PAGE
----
Title: Memo explaining problems surrounding the automated computer system
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Permanent Link: http://ufdc.ufl.edu/UF00050649/00001
 Material Information
Title: Memo explaining problems surrounding the automated computer system
Alternate Title: Memo explaining problems surrounding the automated computer system and monthly diversions report in the diversion from the Little Manatee River by Florida Power & Light.
Physical Description: 2p.
Language: English
Publication Date: July 19, 1979.
 Subjects
Spatial Coverage: North America -- United States of America -- Florida
 Notes
General Note: Box 1, Folder 6 ( FLORIDA POWER AND LIGHT CO. - LITTLE MANATEE RIVER ), Item 4
Funding: Digitized by the Legal Technology Institute in the Levin College of Law at the University of Florida.
 Record Information
Bibliographic ID: UF00050649
Volume ID: VID00001
Source Institution: University of Florida
Holding Location: Levin College of Law, University of Florida
Rights Management: All rights reserved by the source institution and holding location.

Full Text




July 19, 1979


MEMORANDUM RECEIVED

TO: H. V. AIKEN, Chief of Hydrologic Review, Regulatory Division 19
flM 851979
FROM: L. S. HENNESSEY, Hydrologist, Regulatory Division

RE: Diversion from Little Manatee River, Florida Power, and Light Company

As a result of the July 16 meeting at Florida Power and Light, Manatee Plant,
staff concludes that Florida Power and Light are within the flow diversion rate
limitations of their agreement. Following is an explanation of the problems
surrounding the automated computer system and the monthly diversions report.

PROBLEM 1

Line glitches (false electronic signals) caused by brief surges of electrical
power.

Result: The erroneous electronic signals are interpreted by the computer
into letters and numbers. A faulty report results with numbers incorrectly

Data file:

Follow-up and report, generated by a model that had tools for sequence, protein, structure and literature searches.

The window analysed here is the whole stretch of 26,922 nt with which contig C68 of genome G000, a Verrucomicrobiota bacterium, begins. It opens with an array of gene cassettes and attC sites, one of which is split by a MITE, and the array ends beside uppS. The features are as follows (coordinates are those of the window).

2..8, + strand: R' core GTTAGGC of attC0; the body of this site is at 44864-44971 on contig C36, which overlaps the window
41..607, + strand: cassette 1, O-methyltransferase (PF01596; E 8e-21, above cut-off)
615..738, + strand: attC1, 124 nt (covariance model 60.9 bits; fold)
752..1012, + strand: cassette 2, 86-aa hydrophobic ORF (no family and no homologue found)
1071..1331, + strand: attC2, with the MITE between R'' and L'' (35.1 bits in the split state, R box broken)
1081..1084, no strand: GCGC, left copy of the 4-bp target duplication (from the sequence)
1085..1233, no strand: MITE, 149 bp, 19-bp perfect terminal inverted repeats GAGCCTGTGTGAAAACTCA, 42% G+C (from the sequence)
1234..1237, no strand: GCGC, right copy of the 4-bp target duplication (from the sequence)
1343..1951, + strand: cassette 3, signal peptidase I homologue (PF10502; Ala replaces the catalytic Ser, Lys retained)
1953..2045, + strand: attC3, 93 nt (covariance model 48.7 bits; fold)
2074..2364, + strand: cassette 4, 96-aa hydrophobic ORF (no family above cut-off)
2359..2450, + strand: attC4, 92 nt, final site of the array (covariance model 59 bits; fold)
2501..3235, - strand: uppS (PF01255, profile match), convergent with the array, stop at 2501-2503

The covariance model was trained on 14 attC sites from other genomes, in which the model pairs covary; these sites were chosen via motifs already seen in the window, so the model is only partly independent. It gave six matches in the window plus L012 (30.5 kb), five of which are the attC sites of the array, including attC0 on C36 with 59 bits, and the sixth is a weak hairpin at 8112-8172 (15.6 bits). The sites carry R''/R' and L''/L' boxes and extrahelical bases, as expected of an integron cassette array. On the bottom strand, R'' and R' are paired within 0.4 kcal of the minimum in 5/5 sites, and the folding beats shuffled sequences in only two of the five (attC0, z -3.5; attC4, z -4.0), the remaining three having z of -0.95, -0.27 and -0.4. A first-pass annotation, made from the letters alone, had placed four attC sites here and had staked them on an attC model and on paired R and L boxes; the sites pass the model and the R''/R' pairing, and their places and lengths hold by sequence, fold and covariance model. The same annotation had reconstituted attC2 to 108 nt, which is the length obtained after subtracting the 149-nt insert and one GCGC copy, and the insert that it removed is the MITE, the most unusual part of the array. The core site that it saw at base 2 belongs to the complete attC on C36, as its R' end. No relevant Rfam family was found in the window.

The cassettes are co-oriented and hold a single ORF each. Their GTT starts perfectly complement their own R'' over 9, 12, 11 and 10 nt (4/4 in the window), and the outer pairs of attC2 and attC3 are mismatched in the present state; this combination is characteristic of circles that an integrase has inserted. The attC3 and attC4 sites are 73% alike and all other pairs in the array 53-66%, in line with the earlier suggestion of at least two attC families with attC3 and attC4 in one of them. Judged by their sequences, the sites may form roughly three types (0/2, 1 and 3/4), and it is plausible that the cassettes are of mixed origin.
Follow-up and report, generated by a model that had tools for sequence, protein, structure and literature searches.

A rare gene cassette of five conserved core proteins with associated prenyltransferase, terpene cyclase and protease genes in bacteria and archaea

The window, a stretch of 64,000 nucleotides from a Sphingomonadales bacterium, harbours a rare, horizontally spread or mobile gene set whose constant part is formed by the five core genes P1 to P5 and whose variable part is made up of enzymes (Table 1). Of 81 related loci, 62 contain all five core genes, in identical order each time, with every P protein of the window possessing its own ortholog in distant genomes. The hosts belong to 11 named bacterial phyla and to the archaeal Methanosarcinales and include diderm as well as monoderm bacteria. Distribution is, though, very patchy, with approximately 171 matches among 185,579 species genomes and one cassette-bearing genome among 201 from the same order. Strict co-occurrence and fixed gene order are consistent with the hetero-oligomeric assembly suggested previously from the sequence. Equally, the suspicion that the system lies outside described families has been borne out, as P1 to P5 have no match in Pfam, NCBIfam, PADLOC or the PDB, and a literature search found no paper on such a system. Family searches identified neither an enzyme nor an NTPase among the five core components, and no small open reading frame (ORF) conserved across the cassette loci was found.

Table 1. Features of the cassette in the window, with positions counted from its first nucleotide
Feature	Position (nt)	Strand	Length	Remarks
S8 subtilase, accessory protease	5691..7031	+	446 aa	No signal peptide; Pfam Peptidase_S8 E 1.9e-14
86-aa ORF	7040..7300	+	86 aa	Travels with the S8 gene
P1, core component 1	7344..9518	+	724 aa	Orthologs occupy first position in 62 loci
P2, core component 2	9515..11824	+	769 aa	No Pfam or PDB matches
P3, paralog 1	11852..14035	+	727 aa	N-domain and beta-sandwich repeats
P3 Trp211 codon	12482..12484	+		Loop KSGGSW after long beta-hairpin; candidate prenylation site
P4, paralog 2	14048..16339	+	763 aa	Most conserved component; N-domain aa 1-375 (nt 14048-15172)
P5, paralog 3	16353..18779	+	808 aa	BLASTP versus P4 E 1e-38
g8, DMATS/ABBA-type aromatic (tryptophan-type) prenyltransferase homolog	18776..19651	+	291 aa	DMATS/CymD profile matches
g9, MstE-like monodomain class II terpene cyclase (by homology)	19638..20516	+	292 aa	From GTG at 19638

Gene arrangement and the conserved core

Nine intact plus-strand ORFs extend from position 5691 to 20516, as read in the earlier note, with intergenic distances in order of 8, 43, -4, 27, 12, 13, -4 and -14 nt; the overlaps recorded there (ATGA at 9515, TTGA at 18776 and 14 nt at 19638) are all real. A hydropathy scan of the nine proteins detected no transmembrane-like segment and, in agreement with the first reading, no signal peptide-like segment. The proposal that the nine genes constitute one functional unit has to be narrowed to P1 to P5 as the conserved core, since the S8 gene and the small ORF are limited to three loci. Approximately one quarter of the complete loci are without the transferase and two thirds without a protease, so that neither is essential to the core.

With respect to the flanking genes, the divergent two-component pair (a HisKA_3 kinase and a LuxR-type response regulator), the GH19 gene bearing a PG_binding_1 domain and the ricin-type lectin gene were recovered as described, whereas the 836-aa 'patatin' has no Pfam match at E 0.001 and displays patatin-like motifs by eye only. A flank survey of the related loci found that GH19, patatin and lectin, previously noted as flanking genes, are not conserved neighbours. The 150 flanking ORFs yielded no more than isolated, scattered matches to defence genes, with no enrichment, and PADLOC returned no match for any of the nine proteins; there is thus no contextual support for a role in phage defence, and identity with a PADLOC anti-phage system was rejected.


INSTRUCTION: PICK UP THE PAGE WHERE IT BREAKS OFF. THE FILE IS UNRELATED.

describing the pumpage.

Solution: Devices have been added to reduce the computer systems sensitivity
to minor power surges. However, surges can still occur. If one does occur
resulting in a faulty reading, an alarm is triggered, and the system automati-
cally takes a second reading. Any corrections would be made within 3 to 6
seconds of the first (incorrect) reading.

PROBLEM 2

Turbulent flow and noise interference at flow meter in pipe between river and
reservoir.

Result: The interference caused the meter to register non-existent flow.

Solution: The problem has been solved by the installation of a check valve
and pressure switch.

PROBLEM 3

Automated system operation of pump. The computer system automatically selects
pumps for operation based on the pump capacity necessary to achieve the allowable
diversion rate. If more than one pump is needed, the program assigns the same
allowable diversion rate to each pump operating.

Result: For a short time interval the computer senses each well pumping in-
dependently toward the allowable diversion rate. This proceeds until the
total flow equals or surpasses the allowed rate. An alarm is triggered if
the flow rate exceeds the allowable diversion. Within 3 seconds the "over
diversion" situation is corrected by valve adjustment to reduce flow. If
after the adjustment the total flow is under the allowed diversion rate, the
valves will again open slightly. The result is that the actual diversion
rate is "chasing" the allowed diversion rate (see diagram). Noticeable over
and under diversions can occur for a period of 2 to 3 minutes. As a result,
the maximum pumped, though only an instantaneous reading, is recorded with-
out an reference to the duration of that pumping rate.






July 19, 1979 --
H. V. AIKEN
Page Two






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